from “The Emperor’s Club” (2002)
Early in my teaching career I developed the habit of calling my students “my kids.” I still do it now that I am older and no longer that teacher who is “easy to relate to.” Every now and then I will be talking about “my kids” and they have to clarify whether I mean my two sons or my 100 students. All of the effective teachers I know allow themselves to develop a deep care for their students, albeit expressed in a variety of ways.
I hear Paul saying the same sort of thing in this chapter:
We were gentle among you, like a nurse taking care of her own children. We were so devoted to you that we gladly intended to share with you not only the gospel of God but our own lives, because you became so dear to us. (2:8)
It was a common practice in the ancient world that upperclass families would employ the services of a wet nurse to care for their children. Like modern nanny situations, this is just a job one does to care for themselves. But also like many modern nanny situations, love and care would develop between the wet nurse and the children.
Paul says he allowed himself to develop that love and concern for the Thessalonians. They weren’t just another stop on a long missionary journey. They weren’t just another notch in his “gospel belt.” He didn’t just turn them into a few free meals as he passed through town (as it seems his opponents were accusing him of doing). They became to him like his own children.
If we are ever going to be successful spreading the gospel, we will have to develop the same heart that Paul had. We will have to do more than just share words and a message. We will have to share our very lives with others.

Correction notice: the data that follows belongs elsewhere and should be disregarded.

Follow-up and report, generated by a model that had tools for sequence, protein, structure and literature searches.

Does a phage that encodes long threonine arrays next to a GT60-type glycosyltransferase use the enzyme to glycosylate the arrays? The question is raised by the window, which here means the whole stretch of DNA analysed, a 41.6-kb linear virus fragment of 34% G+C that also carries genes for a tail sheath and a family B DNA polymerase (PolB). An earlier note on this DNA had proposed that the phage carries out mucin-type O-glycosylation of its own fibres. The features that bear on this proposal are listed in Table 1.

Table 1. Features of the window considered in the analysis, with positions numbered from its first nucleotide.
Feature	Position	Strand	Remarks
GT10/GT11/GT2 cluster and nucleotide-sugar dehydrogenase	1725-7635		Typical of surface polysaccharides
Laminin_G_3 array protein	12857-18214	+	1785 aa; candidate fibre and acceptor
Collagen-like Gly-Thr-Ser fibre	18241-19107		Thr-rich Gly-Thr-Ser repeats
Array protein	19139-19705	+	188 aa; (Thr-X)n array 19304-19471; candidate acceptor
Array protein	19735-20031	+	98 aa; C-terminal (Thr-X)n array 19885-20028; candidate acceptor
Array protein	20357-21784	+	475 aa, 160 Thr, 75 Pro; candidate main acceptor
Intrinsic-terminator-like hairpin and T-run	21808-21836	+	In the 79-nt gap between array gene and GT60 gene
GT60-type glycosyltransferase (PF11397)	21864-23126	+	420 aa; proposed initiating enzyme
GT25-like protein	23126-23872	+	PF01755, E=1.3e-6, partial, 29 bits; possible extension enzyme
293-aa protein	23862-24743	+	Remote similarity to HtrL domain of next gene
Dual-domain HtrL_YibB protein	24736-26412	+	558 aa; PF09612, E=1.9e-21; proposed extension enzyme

What caught your eye today?
Categories: 1 Thessalonians
Tags: 1 Thessalonians, Bible, care, children, concern, evangelism, gospel, love, Paul, reading, sharing, student, teacher, wet nurse, witnessing
Nothing gives me greater joy than this, to hear that my children are walking in the truth. (v.4)
Third John is addressed from the “Elder” again to a man named “Gaius” in an unnamed church. Gaius represents a contingent in this church, unlike the power-monger Diotrephes, who look to John as their teacher and spiritual father. As he approaches the end of this life, John wants more than anything to know that his “children” are being faithful to all he has taught them and all he has worked for.
As a high school teacher of Bible, I have been known from time to time to call my students my “kids.” They kind of are. I spend more time with them than my own! And by the end of any year, I really end up caring a great deal about my students. They are funny and I love the laughs. They are thoughtful and kind, and one positive affirmation of what we do in class can keep me going for months. I love to see them struggle with an abstract philosophical or theological idea until they understand it and can apply it to their own lives. But my greatest joy is when we meet up a few years after graduation and it is clear they are “walking in the truth.” That makes the long hours, endless grading, hard conferences, and discipling disappointments all worth it in the end.
What did you notice anew in Third John?
Categories: 3 John
Tags: 3 John, Bible, children, church, Diotrephes, faith, faithful, father, Gaius, power, reading, student, teacher